Wood finds that "in ideological terms, southern ladyhood and mastery were essentially antithetical. In daily life, they enjoyed a more complex relationship: sometimes contradictory, sometimes supportive" (p. 101). Slaveholding widows' deliberate use of ladyhood as a tool of control demonstrates that they were skilled at determining when and how to use their gender to their advantage. "While the iconic southern lady of antebellum print culture was profoundly confined, slaveholding women had some choice about which threads in the tapestry of gender to pull" (p. 82). Wood does an excellent job of demonstrating that slaveholding widows were not passive victims of a repressive gender system. They rarely if ever translated their mastery into a feminist initiative. Instead, "they endorsed not only the South's racial and class hierarchies but also its fundamental gender inequality. Indeed, they relied upon it" (p. 157). Dependent ladyhood was a powerful identity for slaveholding widows who wanted to protect their social and economic privilege but needed the assistance of others to do so.
While Wood's book is a success and deserves a prominent place on the bookshelves of all southern, gender, and nineteenth-century historians, there are a handful of unresolved issues in it. For example, the impact of slaveholding widows' mastery on popular gender ideologies and practices is unclear. Wood argues persuasively that slaveholding widows did not challenge the gender order, but she also contends, "by doing work normatively assigned to both genders, they confounded the contemporary presumption that women and men were fundamentally different sorts of beings, intellectually, morally, and physically" (p. 194). In what ways did this discovery resonate beyond the individual experiences of slaveholding widows? Did it cause white southerners to reevaluate their notions of womanhood or the kind of economic and social opportunities available to women? Similarly, was there a discernible difference in the gender systems of communities with high numbers of slaveholding widows versus those with few female "masters"? For example, did the visible exercise of power by women have any ramifications for the socialization or education of planter-class daughters?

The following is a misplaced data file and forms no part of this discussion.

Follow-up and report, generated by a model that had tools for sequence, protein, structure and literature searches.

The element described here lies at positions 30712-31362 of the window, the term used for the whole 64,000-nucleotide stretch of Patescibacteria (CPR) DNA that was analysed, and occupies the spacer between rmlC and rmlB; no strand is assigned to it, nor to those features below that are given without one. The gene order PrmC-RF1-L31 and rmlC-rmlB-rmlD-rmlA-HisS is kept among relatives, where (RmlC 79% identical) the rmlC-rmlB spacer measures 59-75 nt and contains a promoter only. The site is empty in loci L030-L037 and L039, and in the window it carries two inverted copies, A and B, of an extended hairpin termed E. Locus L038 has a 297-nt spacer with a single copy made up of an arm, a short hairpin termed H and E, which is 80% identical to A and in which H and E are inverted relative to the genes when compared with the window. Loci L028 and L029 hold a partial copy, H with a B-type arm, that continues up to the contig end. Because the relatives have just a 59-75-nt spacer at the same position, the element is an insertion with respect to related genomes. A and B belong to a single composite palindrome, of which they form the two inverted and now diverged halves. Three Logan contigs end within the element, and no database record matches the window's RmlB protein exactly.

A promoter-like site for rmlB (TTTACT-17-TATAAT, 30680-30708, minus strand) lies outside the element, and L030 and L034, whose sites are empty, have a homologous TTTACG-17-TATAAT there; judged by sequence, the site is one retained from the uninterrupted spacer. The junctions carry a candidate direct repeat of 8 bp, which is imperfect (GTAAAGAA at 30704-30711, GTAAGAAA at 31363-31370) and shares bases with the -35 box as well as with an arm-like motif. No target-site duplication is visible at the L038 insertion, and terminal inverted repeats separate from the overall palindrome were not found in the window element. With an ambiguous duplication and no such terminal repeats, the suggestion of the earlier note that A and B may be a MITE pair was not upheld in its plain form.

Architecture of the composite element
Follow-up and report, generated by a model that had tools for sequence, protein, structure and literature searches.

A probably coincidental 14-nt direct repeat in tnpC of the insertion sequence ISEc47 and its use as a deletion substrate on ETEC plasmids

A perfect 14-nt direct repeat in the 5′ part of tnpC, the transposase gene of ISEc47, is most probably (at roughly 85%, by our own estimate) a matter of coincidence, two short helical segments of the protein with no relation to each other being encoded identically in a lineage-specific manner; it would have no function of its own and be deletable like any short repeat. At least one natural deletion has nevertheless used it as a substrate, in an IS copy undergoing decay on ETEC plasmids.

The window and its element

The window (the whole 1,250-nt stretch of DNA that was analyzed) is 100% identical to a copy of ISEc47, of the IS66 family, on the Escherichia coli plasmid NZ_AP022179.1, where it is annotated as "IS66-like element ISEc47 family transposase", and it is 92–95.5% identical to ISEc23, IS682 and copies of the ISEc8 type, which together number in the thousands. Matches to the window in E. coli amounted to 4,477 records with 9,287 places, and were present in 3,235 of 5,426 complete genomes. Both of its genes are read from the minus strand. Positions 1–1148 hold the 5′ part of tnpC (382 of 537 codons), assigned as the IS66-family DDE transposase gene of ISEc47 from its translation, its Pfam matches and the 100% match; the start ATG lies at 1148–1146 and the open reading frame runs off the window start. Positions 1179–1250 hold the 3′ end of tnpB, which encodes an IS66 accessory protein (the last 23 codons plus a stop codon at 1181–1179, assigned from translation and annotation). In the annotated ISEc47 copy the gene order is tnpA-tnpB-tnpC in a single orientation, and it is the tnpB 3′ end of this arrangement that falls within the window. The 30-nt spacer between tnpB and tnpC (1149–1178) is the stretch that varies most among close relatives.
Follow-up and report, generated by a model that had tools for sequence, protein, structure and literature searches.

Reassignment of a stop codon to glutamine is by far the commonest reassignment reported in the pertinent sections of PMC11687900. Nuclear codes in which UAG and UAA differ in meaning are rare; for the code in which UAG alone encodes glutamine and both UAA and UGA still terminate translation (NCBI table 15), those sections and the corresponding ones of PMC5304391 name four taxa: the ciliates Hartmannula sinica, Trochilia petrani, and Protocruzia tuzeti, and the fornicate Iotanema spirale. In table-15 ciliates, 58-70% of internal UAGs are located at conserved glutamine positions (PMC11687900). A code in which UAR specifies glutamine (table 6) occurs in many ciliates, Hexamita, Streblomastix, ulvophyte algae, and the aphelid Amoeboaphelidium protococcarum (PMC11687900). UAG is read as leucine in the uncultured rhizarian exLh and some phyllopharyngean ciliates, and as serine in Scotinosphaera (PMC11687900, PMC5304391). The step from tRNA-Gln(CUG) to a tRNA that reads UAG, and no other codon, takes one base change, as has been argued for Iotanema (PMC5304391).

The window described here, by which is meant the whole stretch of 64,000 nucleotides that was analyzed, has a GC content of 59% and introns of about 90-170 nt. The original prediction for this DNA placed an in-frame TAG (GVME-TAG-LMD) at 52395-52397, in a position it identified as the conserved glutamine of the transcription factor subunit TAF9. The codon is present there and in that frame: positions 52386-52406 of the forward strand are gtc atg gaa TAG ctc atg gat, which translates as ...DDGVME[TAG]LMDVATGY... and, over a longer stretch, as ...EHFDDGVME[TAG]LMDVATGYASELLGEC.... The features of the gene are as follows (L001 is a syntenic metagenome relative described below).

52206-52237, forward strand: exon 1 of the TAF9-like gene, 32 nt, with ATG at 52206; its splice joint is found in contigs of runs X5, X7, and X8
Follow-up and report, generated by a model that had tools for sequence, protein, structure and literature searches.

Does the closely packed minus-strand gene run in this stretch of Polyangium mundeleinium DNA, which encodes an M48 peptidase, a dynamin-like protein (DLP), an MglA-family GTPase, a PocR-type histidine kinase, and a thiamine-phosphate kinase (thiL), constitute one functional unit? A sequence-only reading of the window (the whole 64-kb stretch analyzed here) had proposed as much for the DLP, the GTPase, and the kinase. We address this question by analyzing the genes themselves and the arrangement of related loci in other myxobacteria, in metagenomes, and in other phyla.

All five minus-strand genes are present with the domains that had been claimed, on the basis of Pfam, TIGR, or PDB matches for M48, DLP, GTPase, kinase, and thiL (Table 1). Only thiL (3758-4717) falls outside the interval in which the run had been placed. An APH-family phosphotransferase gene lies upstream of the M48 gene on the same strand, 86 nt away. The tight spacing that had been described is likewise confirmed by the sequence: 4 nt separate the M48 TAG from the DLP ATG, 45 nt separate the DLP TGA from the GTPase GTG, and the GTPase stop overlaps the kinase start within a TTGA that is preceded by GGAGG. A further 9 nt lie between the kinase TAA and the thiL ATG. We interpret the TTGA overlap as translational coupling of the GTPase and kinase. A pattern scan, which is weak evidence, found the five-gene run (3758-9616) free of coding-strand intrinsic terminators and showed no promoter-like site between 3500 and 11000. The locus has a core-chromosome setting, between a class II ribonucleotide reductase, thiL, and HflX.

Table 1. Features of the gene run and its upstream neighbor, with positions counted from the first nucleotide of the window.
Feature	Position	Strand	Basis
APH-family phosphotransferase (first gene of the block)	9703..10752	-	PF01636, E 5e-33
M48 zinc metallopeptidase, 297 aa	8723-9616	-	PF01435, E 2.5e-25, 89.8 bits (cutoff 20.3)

Finally, while the title of Wood's book states that it is a study of slaveholding widows from the American Revolution to the Civil War, it is primarily an examination of early national and antebellum era widows. A greater focus on the Revolutionary War and the late eighteenth century would provide readers with a better understanding of the ways in which popular concepts of mastery, slaveholding, womanhood, and widowhood changed over time. For example, Wood locates the rise of domestic ideology in the early nineteenth century. What were the social, political, and personal implications of slaveholding widows' mastery before they operated within this gender framework?
Rather than reflecting weaknesses in Wood's study, these questions point us in the direction of new areas for research. Masterful Women is a straightforward and insightful book that will not only appeal to scholars and students in a variety of historical fields, but will undoubtedly inspire creative and important studies as well.
. Elizabeth Fox-Genovese, Within the Plantation Household: Black and White Women of the Old South (Chapel Hill: University of North Carolina Press, 1988); Stephanie McCurry, Masters of Small Worlds: Yeoman Households, Gender Relations, and the Political Culture of the Antebellum South Carolina Low Country (New York: Oxford University Press, 1995).
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Nikki Berg. Review of Wood, Kirsten E., Masterful Women: Slaveholding Widows from the American Revolution through the Civil War.